Treasury Secretary W. Michael Blumenthal said yesterday that he believes much of the necessary depression of the dollar in the world's foreign exchange markets "has already occurred."

But Blumenthal indicated in wideranging interview on international financial affairs that he is prepared for the dollar to depreciate further, without making an effort to intervene.

"I would like to see a free floating - apart from smoothing out ragged movements - and allow the exchange rate between the dollar and the yen and the dollar and the Deutschemark to settle down where it does in that context.

"Whether or not that point has been reached, time will tell, and I would be quite happy to live with whatever the result is," the Secretary said. He noted that in conversations here a few days ago. West German Chanceller Helmut Schmidt had agreed that the mark will also be allowed to float. Similar indications hae come from the Japanese, but officials carefully monitor the course of the yen to see what actually happens.

The U.S. government has been pressuring the West German and Japanese authorities for months to allow an increase in the value of their currencies as a way of reducing their trade surpluses. A higher price for the mark and yen makes. German and Japanese goods more expensive, and the cost of importing goods from other countries less expensive.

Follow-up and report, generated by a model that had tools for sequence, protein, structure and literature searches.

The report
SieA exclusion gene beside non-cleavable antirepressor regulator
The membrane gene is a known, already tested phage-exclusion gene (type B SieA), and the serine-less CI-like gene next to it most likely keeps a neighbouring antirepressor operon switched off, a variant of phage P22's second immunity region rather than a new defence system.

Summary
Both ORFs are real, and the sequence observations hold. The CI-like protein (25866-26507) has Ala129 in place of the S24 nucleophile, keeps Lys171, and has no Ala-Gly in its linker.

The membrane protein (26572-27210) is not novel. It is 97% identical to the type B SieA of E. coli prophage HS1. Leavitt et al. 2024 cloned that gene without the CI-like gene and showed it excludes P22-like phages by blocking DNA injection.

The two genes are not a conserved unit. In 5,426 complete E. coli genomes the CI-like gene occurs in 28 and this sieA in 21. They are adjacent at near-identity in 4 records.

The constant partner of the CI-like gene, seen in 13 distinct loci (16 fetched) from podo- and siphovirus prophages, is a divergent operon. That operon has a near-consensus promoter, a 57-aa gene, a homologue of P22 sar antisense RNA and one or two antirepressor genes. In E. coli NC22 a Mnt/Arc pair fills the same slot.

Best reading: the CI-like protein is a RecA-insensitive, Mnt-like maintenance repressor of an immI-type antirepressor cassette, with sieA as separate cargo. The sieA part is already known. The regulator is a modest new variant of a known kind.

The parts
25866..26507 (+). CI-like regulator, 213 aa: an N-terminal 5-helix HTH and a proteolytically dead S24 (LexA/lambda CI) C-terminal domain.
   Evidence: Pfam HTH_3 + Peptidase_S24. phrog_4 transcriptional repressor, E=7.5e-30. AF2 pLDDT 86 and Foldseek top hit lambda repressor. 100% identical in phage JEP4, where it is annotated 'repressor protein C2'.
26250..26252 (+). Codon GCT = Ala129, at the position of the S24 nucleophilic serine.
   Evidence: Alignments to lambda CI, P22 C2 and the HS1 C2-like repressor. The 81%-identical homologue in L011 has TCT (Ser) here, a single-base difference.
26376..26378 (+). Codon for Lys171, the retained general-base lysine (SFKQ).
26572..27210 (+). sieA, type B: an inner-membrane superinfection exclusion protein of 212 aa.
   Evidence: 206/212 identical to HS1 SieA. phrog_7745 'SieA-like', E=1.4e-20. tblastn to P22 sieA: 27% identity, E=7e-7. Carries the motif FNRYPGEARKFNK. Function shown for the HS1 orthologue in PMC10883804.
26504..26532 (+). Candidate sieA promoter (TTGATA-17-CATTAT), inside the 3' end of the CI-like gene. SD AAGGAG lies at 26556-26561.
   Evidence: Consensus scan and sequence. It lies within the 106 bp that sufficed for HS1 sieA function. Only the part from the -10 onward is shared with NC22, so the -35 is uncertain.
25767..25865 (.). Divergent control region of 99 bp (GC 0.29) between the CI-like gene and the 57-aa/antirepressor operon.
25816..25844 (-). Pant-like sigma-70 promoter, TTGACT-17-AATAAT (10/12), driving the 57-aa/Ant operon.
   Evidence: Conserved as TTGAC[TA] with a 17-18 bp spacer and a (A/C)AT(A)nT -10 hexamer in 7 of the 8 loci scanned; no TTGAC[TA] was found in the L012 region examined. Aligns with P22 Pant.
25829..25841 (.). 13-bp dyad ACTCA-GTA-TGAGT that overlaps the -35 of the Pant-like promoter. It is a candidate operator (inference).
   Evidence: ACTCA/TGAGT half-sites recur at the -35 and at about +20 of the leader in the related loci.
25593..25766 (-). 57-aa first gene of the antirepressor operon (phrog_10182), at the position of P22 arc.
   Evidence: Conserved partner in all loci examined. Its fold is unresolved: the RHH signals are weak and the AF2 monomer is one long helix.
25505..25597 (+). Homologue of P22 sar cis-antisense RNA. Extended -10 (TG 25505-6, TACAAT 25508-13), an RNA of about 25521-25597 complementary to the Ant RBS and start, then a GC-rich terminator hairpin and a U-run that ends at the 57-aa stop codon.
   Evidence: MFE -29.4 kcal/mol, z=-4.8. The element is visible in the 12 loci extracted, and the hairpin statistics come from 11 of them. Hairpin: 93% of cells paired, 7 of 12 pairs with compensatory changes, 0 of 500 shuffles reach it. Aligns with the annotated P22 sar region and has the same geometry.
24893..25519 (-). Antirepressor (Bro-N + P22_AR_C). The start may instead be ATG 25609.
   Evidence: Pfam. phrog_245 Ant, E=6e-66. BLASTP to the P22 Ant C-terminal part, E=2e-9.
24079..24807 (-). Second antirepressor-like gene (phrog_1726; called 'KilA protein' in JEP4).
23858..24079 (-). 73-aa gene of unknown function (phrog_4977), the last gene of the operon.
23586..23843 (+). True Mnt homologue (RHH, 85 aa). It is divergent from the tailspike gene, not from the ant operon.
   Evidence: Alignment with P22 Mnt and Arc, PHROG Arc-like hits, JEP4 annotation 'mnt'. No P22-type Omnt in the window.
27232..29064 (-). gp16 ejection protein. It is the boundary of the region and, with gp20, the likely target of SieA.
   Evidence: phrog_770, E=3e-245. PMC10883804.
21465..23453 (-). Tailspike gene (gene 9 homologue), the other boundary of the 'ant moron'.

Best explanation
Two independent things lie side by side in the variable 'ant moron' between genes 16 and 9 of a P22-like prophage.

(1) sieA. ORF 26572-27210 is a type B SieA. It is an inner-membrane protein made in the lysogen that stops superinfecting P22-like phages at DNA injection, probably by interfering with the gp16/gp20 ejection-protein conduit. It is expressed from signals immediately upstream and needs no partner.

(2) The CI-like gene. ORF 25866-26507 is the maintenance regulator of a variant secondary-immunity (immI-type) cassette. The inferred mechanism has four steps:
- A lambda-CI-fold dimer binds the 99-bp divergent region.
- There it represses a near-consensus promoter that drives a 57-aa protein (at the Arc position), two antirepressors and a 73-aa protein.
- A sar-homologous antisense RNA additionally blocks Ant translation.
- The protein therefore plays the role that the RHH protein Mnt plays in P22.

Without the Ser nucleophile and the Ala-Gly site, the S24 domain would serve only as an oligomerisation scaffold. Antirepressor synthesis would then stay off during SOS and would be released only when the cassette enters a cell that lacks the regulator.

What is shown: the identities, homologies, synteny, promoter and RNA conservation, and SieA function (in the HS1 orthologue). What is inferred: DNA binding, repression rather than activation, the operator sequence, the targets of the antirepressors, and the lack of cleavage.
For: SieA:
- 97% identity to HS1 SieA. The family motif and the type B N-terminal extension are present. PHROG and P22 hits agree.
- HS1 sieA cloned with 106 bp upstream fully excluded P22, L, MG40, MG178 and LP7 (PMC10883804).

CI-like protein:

The mirror image of a strongey mark and yen is a weaker dollar, which concentional wisdom in some quarters labels an unhappy conditions for the United States. One specific concern is that a cheaper dollar makes it more costly for the United States to import goods, thus adding to inflationary pressures.

A recent critical analysis by F. Eberstadt & Co. Inc. of New York said that Blementhal's acceptance of depreciation of the dollar "seems to ignore the role of dollar-denominated assets as an international store of value." To the extend that selling dollars and dollar assets gains momentum, the brokerage house said, it threatens higher interest rates.

But many economists believe that it would be highly desirable for the U.S. dollar to depreciate further, in order to reduce the U.S trade deficit which is running at a staggering rate of $9.0 billion just two years ago.

International economics expert Edward M. Berstein, calls the dollar overvalued. He would like to see the depreciation against the mark, which has been 3 per cent so far this year, increase to 10 per cent.

That is exactly the amount by which the dollar has depreciated against the yen so far this year.

For the Germans, further up-valuation of the mark would be painful. Schmidt is under great pressure from German manufacturers not to let the mark get so high that their products become less competitive in world market. A special concern is that further appreciatioon of the mark wuold make Volkswagens less attrative in the American market than Japanese Toyotas and Datsuns.

Historically, however, appreciation of the mark has not served to trim the German export surplus, which indicates that price is not th only factor in shaping export demand.

Blumenthal doesn't agree that the dollar is seriously overvalued, a condition that would be defined by an excessive volume of imports.

"The movement against the mark and the yen indicate that an adjustment is taking place," he said. "You should be careful "in assuming a dollar overvaluation) because when you look at our merchandise trade, you find that we have, except for oil, 3 very large surplus.

"It is difficult to see any evidence that the competitive position in manufactured goods has in any way worsened for the United States."